Colours of the Alphabet Impact Report

tonguetiedfilms

IMPACT REPORT

COLOURS OF

THE ALPHABET

WHEN YOUR TONGUE IS NOT YOUR OWN

Creating awareness and understanding

of the consequences of mono-linguistic

education and building communities

of change through enabling African

indigenous language subtitling.


COLOURS OF THE ALPHABET

IMPACT REPORT

THE

DOCUMENTARY

FILM

Colours of the Alphabet is

an inspiring and bittersweet

documentary exploring language

and childhood. Following three

children and their families over their

first year of school in rural Zambia,

we ask, does the future have to be

in English?

Steward, Elizabeth and M’barak are three first

time school pupils struggling to make sense of an

educational system where the language they speak

at home is different from the language used in the

classroom. Slowly they discover that their tongue is

no longer their own.

When nearly 40% of the world’s population lack

access to education in their own language, the film

offers an intimate, moving and often humorous

insight into a global phenomenon from the unique

perspective of three innocent children.

‘Poignant, touching and very amusing’

Across The Arts ★★★★

“One of the most beautiful documentary films I’ve ever

seen” Liz Lochhead (Former National Poet of Scotland) -

“Lyrical, beautifully filmed...an inspiring, bittersweet

documentary about language, communication

and national identity” Glasgow Film Festival

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COLOURS OF THE ALPHABET

IMPACT REPORT

THE DOCUMENTARY AS

RESEARCH PROJECT

Colours of the Alphabet forms the

heart of an innovative practicebased

research project developed

and produced over five years by two

filmmaker-academics based at the

University of the West of Scotland

and Newcastle University. Early

stage research and development

support was also provided by

the University of Edinburgh and

Edinburgh Napier University.

The research project aimed

to capture and reveal the

complexities of our multilingual

world, specifically focusing on

ethnographic and linguistic

anthropological perspectives of

minority languages and education.

The project’s wider research aims were threefold:

1. to highlight the importance of mother-tongue

education globally

2. to explore the capacity of creative documentary

filmmaking as a research methodology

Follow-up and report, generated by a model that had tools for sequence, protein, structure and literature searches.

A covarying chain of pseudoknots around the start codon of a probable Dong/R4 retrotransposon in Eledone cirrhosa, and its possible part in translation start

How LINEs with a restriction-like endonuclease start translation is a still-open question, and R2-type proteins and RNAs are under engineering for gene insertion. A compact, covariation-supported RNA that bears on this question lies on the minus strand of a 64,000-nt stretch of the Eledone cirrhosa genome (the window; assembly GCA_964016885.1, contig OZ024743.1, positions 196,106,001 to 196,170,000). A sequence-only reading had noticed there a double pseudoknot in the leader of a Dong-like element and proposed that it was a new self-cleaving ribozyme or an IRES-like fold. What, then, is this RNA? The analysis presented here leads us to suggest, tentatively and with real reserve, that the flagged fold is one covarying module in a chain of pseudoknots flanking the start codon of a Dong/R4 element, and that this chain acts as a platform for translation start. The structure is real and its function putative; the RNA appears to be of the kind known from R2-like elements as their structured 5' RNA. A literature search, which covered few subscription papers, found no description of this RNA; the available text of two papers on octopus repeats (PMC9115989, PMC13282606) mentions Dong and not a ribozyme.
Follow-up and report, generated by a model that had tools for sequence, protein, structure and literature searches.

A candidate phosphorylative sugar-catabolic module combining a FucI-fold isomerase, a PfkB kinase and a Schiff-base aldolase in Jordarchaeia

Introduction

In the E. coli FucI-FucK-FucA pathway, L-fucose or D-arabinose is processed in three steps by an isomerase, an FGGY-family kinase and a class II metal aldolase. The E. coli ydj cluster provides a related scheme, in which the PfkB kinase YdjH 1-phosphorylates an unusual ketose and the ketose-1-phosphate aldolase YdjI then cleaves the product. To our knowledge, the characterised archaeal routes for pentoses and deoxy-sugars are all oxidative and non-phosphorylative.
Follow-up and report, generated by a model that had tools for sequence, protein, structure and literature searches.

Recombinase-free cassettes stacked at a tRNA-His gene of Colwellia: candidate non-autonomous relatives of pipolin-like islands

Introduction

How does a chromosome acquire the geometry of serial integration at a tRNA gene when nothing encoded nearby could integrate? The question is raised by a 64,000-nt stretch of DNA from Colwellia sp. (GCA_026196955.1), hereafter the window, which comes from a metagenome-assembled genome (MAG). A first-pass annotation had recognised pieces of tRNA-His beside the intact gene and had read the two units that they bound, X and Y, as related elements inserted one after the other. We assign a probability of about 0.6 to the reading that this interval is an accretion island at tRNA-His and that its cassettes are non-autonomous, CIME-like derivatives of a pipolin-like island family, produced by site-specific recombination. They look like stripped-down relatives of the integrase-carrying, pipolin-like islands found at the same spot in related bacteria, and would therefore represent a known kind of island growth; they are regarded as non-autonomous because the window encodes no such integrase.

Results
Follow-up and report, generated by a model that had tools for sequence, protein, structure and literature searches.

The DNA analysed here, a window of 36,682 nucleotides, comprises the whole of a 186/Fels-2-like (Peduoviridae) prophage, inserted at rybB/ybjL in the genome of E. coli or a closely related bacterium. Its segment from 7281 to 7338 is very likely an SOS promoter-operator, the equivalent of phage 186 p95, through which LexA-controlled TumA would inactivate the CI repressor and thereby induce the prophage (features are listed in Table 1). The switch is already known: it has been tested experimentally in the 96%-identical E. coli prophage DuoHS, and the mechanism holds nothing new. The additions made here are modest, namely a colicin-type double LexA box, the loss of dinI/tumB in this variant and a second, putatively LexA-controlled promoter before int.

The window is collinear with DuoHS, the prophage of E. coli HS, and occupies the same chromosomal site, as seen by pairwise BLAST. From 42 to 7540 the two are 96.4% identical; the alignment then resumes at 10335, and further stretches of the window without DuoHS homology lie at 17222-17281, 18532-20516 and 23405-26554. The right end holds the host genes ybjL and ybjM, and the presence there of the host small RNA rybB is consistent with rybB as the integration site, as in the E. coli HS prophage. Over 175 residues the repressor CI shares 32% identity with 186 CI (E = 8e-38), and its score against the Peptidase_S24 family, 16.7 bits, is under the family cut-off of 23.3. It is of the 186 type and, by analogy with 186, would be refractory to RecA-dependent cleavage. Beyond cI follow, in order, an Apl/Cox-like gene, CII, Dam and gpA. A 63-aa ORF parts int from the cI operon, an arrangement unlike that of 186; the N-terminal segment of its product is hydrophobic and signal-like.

uniquely equipped to reveal the often unspoken

relationship between language use and societal

norms

3. to investigate mutually beneficial structures to

enable academic-film industry collaboration within

feature documentary development, production,

distribution and impact campaigning.

Alongside the film, the filmmakers have published

various articles related to the project. A list of which

can be found on the film’s website

https://coloursofthealphabet.com/research-project/

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COLOURS OF THE ALPHABET

IMPACT REPORT

CREATIVE SUBTITLING &

INDIGENOUS LANGUAGE

TRANSLATION

A key part of our creative method has also been the

project’s unique focus on subtitling and indigenious

language film translation. Aiming to explore the

capacity of creative approaches to subtitling,

including their impact on audiences’ understanding

of multilingual contexts on screen, the film employs

a multi-coloured approach to on screen text that

conveys the different languages being spoken within

the community and classroom. This visual innovation

allows the audience to acknowledge the often

overlooked and yet extraordinary multilingualism that

is evident across nearly all of Sub-Saharan Africa.

This research theme was further developed and

expanded through the African stages of our impact

campaign. Specifically, we sought to explore how

subtitling the film into 30 African languages could

help in fostering new indigneous audiences and

engagement with the issues at the heart of the

documentary. Equally, we were concerned with how

our impact campaign might support the training

and development of a new community of African

language translators who in turn might form the basis

for a sustainable network for future African language

subtitle releases.

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COLOURS OF THE ALPHABET

IMPACT REPORT

WHO SAW IT

56

DIGITAL RELEASE IN

50

FILM FESTIVAL SCRENINGS

TRANSLATED INTO

40

LANGUAGES, INCLUDING 28

INDIGENOUS AFRICAN LANGUAGES

COUNTRIES

200,000

VIEWS OF FILM’S ONLINE CONTENT IN AFRICA

‘loved it’

‘heartwarming’

‘thought provoking’

‘beautifully filmed’

‘authentically captures the

atmosphere of an African

classroom’

‘incredibly intimate portrait on a

global issue’

Audience Feedback